The site of St Swithin's Shrine in Winchester Cathedral
Here's something for the meteorologically superstitious.
I know most of us will be celebrating St Bonaventure in the liturgy today, but this is also traditionally, in England, the feast day of St Swithin, the ninth century bishop of Winchester. This is from the 'Golden Legend' (online here) :
"by his holy living he caused the people to live virtuously, and to pay their tithes to God and holy church. And if any church fell down, or was in decay, Saint Swithin would anon amend it at his own cost. Or if any church were not hallowed, he would go thither afoot and hallow it. For he loved no pride, ne to ride on gay horses, ne to be praised ne flattered of the people, which in these days such things be used over much."St Swithin died on 2 July 862, but on 15th July 971 his remains were exhumed and moved to a shrine inside the cathedral. St Swithin's feast day is, then, the date, not of his death but of the transfer of his remains.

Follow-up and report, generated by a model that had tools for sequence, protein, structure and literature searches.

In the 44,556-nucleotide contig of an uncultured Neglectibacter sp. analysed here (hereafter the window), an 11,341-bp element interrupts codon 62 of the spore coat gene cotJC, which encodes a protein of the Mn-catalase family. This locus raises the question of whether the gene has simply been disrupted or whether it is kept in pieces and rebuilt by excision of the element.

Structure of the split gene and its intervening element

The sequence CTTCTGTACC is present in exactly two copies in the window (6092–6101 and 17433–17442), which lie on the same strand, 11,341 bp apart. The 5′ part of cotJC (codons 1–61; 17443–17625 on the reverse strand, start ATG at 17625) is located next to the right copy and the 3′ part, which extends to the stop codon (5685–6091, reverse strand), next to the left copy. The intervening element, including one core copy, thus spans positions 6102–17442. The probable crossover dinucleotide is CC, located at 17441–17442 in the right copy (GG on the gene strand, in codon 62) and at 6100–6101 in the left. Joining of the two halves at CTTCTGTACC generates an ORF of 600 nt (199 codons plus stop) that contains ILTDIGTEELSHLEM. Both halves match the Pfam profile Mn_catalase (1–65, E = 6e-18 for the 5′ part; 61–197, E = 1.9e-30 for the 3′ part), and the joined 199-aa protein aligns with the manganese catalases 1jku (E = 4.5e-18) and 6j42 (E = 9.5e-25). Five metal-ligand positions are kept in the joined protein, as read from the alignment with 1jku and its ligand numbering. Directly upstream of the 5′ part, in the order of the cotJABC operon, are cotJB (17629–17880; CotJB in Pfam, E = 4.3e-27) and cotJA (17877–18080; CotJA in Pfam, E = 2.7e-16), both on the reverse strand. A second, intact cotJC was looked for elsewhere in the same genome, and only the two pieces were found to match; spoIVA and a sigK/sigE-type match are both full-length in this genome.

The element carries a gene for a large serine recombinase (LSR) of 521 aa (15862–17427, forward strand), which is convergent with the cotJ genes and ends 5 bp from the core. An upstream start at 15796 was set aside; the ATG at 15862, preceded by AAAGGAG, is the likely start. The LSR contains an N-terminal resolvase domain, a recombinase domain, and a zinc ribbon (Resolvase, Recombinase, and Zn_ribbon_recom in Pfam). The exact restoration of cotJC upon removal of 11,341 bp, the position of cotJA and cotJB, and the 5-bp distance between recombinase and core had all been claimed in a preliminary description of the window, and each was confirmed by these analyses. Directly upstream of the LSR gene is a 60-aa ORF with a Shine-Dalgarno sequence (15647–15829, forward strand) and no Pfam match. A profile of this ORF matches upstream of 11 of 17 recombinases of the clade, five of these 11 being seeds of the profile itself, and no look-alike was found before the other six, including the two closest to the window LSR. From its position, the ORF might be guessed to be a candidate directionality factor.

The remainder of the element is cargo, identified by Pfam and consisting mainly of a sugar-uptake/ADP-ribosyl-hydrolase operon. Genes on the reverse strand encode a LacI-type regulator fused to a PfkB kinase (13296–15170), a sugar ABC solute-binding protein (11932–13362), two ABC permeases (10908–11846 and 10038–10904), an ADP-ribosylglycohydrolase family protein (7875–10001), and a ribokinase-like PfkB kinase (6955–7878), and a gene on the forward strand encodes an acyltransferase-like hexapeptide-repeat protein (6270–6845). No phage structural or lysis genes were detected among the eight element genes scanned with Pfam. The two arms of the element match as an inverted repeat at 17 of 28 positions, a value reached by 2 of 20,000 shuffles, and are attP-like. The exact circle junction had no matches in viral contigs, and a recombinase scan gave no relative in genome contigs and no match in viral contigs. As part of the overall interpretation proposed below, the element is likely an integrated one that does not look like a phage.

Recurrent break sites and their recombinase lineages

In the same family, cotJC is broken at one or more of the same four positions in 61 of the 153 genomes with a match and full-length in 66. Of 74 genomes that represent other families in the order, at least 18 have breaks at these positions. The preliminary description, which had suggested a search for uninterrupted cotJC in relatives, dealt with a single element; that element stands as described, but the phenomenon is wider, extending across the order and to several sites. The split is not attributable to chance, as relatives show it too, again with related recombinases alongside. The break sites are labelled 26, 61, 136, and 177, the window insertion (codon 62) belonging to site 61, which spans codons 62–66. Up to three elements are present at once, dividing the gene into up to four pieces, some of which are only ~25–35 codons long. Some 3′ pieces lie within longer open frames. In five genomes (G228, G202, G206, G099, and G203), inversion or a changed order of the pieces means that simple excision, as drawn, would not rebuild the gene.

All kinds of miraculous cures were associated with the event; but popular legend says that at the time of his body's removal there was a great thunderstorm and it rained heavily for forty days and forty nights.
This gave rise to the following piece of traditional weather lore:
St Swithin’s Day, if it does rain
Full forty days, it will remain
St Swithin’s Day, if it be fair
For forty days, t’will rain no more.
But according to the British Meteorological Office (spoilsports!), there is little substance in the rhyme's assertion. I suppose British pessimism about our weather just makes it feel like that.
But happy St Swithin's day! It's raining, of course (or does it just have to rain in Winchester for the rhyme to come true?) - this is a British July after all.
Despite the Met Office, I'll keep an umbrella handy for the rest of the summer.